But Penich-Thacker said the new language to allow purchase of “supplemental materials” is flawed.

Wednesday’s hearing also produced broader anger by some foes of SB 1395 to the whole premise of public dollars being used to send children to private schools — and especially religious schools.

“The financial burden lies on the individual and the faith community” to provide a religious education, said the Rev. Anne Ellsworth, an Episcopal priest, rather than using tax dollars that she said would be better spent on providing more dollars to public schools.

But Sen. J.D. Mesnard, R-Chandler, said vouchers allow parents to decide what education is best for their children.

“If a parent wants their child to have a religious education, for whatever reason … there’s obviously no way to do that within a public school,” he told Ellsworth. And he said parents need that option, as there is no way for parents to get that option in public schools, no matter how much they get in state funds.

Kathy Hoffman, the newly elected state superintendent of public instruction, also urged lawmakers to defeat the measure.

Aside from her assessment that voters rejected Proposition 305, Hoffman said complex questions of how best to deal with issues with vouchers should be left to a special task force she put together that features both supporters and foes.

The Senate Finance Committee also considered SB 1320 (.pdf), introduced by Sen. David Livingston, R-Peoria, would transfer some of the program’s oversight to the state treasurer’s office.

The Arizona Republic adds:

This bill also passed the committee on a 6-4 party-line vote with Republican lawmakers supporting it and Democratic lawmakers opposing it after dozens testified in support and opposition of the bill. To become law, they still need votes of the full Senate and House.

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SB 1320 would change who oversees some aspects of the program. It would transfer oversight power to Republican State Treasurer Kimberly Yee’s office, from the Arizona Department of Education, now controlled by Democratic Superintendent of Public Instruction Kathy Hoffman.

Superintendent Hoffman spoke in opposition to both bills. She said her agency has the resources to administer the program. On Tuesday, she announced a new ESA task force, including representatives from the Governor’s Office, to improve the program’s management.

“Similar proposals were rejected overwhelmingly by voters in November, and I believe their voices should guide our work regarding ESA work,” Hoffman said.

Rep. Mark Finchem, R-Oro Valley, proposed a similar bill on ESA oversight in the House. It has not been referred to any House committee.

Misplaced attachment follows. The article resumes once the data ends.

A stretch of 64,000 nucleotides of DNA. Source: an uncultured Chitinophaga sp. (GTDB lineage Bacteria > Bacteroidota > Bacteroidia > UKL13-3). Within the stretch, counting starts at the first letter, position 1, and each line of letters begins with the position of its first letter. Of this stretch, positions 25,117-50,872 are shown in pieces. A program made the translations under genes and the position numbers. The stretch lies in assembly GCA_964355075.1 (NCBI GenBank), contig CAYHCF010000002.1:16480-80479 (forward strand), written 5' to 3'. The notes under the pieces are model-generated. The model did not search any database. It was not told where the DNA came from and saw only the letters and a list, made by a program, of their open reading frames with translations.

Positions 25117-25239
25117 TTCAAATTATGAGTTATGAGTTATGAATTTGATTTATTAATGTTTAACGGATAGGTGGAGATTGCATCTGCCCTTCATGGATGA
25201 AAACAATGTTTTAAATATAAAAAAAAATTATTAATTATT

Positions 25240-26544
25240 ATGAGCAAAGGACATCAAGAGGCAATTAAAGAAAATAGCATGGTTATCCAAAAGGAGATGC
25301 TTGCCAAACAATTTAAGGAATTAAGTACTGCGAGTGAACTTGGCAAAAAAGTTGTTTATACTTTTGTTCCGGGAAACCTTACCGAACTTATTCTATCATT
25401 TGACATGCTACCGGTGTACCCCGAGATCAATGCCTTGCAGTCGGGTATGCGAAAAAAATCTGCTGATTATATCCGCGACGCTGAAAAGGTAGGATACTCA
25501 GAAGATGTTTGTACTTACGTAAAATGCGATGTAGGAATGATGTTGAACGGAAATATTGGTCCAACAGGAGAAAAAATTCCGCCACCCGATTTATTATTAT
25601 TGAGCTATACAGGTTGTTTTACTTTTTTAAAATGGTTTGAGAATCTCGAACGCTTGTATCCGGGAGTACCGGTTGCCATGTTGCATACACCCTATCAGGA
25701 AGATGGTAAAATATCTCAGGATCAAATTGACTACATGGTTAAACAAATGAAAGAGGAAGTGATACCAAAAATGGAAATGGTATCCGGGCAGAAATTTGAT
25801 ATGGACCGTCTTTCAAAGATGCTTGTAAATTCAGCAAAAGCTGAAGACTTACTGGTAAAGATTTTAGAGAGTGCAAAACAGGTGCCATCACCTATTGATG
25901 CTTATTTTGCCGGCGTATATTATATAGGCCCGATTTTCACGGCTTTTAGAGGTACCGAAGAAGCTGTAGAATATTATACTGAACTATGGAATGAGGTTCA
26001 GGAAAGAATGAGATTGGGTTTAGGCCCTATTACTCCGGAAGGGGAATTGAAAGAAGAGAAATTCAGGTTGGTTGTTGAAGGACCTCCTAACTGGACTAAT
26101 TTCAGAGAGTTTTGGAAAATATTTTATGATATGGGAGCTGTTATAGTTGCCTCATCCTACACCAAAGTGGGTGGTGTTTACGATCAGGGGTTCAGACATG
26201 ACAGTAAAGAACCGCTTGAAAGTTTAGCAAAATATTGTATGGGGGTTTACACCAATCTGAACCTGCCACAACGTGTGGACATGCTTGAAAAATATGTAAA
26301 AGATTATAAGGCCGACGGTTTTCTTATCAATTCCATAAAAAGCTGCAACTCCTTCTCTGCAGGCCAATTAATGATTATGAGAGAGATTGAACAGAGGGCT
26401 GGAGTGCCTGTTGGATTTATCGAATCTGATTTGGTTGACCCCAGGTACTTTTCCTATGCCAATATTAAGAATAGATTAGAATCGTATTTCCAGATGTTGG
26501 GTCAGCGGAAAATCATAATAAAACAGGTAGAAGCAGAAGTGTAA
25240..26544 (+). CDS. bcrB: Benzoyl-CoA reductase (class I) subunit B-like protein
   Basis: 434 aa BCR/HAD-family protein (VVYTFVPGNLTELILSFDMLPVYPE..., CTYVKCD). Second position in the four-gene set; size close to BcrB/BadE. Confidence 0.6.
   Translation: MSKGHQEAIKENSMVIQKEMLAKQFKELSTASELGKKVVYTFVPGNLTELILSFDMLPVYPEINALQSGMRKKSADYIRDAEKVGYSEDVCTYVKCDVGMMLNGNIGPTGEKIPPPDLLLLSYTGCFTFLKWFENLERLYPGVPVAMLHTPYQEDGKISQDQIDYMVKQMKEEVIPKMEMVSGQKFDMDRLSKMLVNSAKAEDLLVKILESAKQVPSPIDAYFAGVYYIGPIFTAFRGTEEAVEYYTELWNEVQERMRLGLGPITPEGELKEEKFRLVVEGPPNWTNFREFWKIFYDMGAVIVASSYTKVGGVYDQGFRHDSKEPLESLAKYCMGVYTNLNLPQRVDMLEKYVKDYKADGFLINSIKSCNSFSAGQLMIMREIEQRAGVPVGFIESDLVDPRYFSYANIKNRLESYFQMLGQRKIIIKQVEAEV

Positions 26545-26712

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The two bills considered Wednesday aren’t the only legislation related to the voucher-style program floating around.

Other bills include:

  • House Bill 2474, introduced by Rep. Shawnna Bolick, R-Phoenix, would expand the program to students who have been harassed, intimidated or are the victim of an attack. It has not been referred to a committee.
  • SB 1396, introduced by Allen, would also allow for more students to be included in the program, such as a child whose family’s income doesn’t exceed 185 percent of the limit for the federal government’s reduced-price lunch program. It has been referred to the Senate Finance Committee, but not scheduled for a public hearing.

Laurie Roberts of The Republic points out that authoritarin Republicans in the Arizona Legislature are also ignoring the will of the voters on the Fair Wages and Healthy Families Act, Prop. 206 (2016). Lower minimum wage for students? Arizona’s legislators slap voters in the face (again):

I’ve come to the conclusion that Arizona’s leaders just don’t much respect Arizona’s voters.

Ya think? What took you so long!

For years, the Republican-run Legislature and Gov. Doug Ducey have enacted various “election reforms” aimed more at impeding your ability to exercise your constitutional rights.

Now this year, there are at least four bills that represent a direct slap in the face to voters.

Senate Bill 1046 would bar early voters from dropping off their ballots on Election Day. This, after nearly a quarter of a million voters dropped off their ballots at the polls in November.

Senate Bill 1395 would once again expand the state’s  Empowerment Scholarship Account program. This, despite the fact that a whopping 65 percent of voters just vetoed our leaders’ voucher expansion plans just three months ago.